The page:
Adrian Niño, the beverage director of Bar 1802 at Monte Cristo Hotel in Paris, is swinging down to Singapore later this month to judge the Flor de Caña Sustainable Cocktail Challenge. We grab him for a short chat about sustainability in the context of a cocktail bar.

Sustainability is the current big buzzword in the global bar scene. In recent years we’ve seen bars popping up around the world incorporating various eco-friendly initiatives with the environment in mind.

These initiatives vary. Some use upcycled and recycled materials in their bar design, while others compose a menu with drinks that leverage on ingredients that may otherwise be discarded.

Then there are brands like Flor de Caña that revel in the drive for sustainability. The Nicaraguan rum brand – best known for its award-winning sustainably-produced rums – last year even declared a Zero Waste Month, partnering 12 Singapore bars to offer low to zero waste cocktails in September.

Flor de Caña rum range
A global leader in sustainable practices, Flor de Caña is carbon neutral certified and has led a tree planting programme that has seen over 750,000 trees planted to date.

This year Flor de Caña is hosting again hosting its global Flor de Caña Sustainability Challenge, and has invited renown French bartender Adrian Niño, the beverage director of grand rum institution Bar 1802 at Monte Cristo Hotel in Paris, as one of the judges for the Singapore leg of the competition.

We take the opportunity to speak with Niño on his ideas about sustainability as applied behind the bar.

There’s a current trend towards sustainability in cocktail culture. How do you define sustainability, and how do you see that happening in the bar industry?

Adrian Niño: For me, sustainability is the collective action we engage in to limit negative impacts on the environment. That is achieved through multiple means: starting by business management, daily work routine, purchasing strategy, and staff education.

Can you give some examples of how you approach sustainability at the bar? 

First of all, we have to admit that we will never be able to get to 100% sustainability in relation to the true definition of sustainability.

Start off with analysing why you are currently not sustainable to help pin point the areas of opportunity in which you can set up an action plan, and see how it can be profitable for your business and your self development.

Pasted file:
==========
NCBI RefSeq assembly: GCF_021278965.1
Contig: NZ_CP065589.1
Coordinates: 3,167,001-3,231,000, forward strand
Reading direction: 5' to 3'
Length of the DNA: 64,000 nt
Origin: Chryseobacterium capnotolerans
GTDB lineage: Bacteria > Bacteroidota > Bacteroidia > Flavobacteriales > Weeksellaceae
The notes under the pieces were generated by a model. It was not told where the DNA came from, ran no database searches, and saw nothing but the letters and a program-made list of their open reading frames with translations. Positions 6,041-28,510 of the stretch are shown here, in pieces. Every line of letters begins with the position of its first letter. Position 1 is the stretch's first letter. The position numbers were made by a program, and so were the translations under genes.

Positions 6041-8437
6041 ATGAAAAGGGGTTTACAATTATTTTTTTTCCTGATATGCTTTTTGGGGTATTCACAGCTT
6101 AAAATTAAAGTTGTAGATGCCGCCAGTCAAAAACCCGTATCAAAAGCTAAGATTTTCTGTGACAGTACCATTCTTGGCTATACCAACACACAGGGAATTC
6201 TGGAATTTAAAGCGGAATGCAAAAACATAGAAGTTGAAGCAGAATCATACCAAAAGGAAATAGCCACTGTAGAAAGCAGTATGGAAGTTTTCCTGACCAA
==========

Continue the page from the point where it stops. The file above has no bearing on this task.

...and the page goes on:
At 1802 we decided to start in three areas: purchasing optimisation, waste reduction, and re-using and recycling.  These key points are interconnected; the first leads you automatically to the next, and so forth. It helps to give a global perspective and it was the starting point of our engagement.

Adrian Niño

Where do you think bars and bartenders can do better when it comes to eco-friendly practices?

Before asking bartenders to be more sustainable in their work routine, I think it should come (top-down) from owners – when they think (up the concept) of the new venue, when they design the work space, the investment in equipment, etc… If your working tools are meant to work more ethically, then bartenders will be proud and happy to share their creativity on a sustainable project.

If, like us, you’re part of a non-sustainable parent structure, and you want to change the system from within, you must first show how being sustainable increases profit. You can do so by starting with the actions previously mentioned.

What do you think are the biggest challenges for the bar industry when it comes to sustainability?

There are many topics that could be mentioned: food waste, carbon impact, soil treatments and so on.

But let us imagine a world in which all the venues are proudly sustainable. Something still missing, and for me it falls on the social aspect.

For example, we have a law here in France that forces us to throw away any food waste even if they are still edible. You’re not allowed to step out of your work place and give the morning’s bread to a homeless person. Of course, you can follow your personal ethics and break the law, but something is wrong with the system above us.

I’m happy to see that now there are celebrity chefs whohave taken a lead with this issue to create some philanthropic solutions – like what Massimo Bottura did with his project, Food for Soul. I hope it can inspire more people in the future.

Adrian Niño

Do bars look out for and source for sustainably-produced spirits – such as Flor de Cana – as well as other ingredients?

I think the organic and fair trade labels are a big thing now. Of course, I’m sure bartenders are more sensitive now to buying quality products to improve the customer experience. It’s part of the evolution of the hospitality business.

Do you think sustainability is just a passing fad for cocktail bars?

As long as customers continue their awareness and commit to eating and drinking ethically, I believe hospitality workers will continue this engagement. I personally hope it’s not (just) a trend, but a new way of contributing to our world.

What would you be looking out for when judging entries for the upcoming FDC Sustainable Cocktail Challenge?

I would love to see contestants engage one sustainability topic and see if it has been pushed as far as possible.

Another key point is how a sustainability concept improves the contestants’ creativity and how it affects the taste and design of the drink. It showcases the bartenders thought process and creativity when I eat or drink something that most of the time goes to the trash. I love being surprised this way.

Flor de Caña Sustainable Cocktail Challenge is currently accepting entries, with a submission deadline ending 6 May 2022. The Singapore finals will be held on 23 May 2022.


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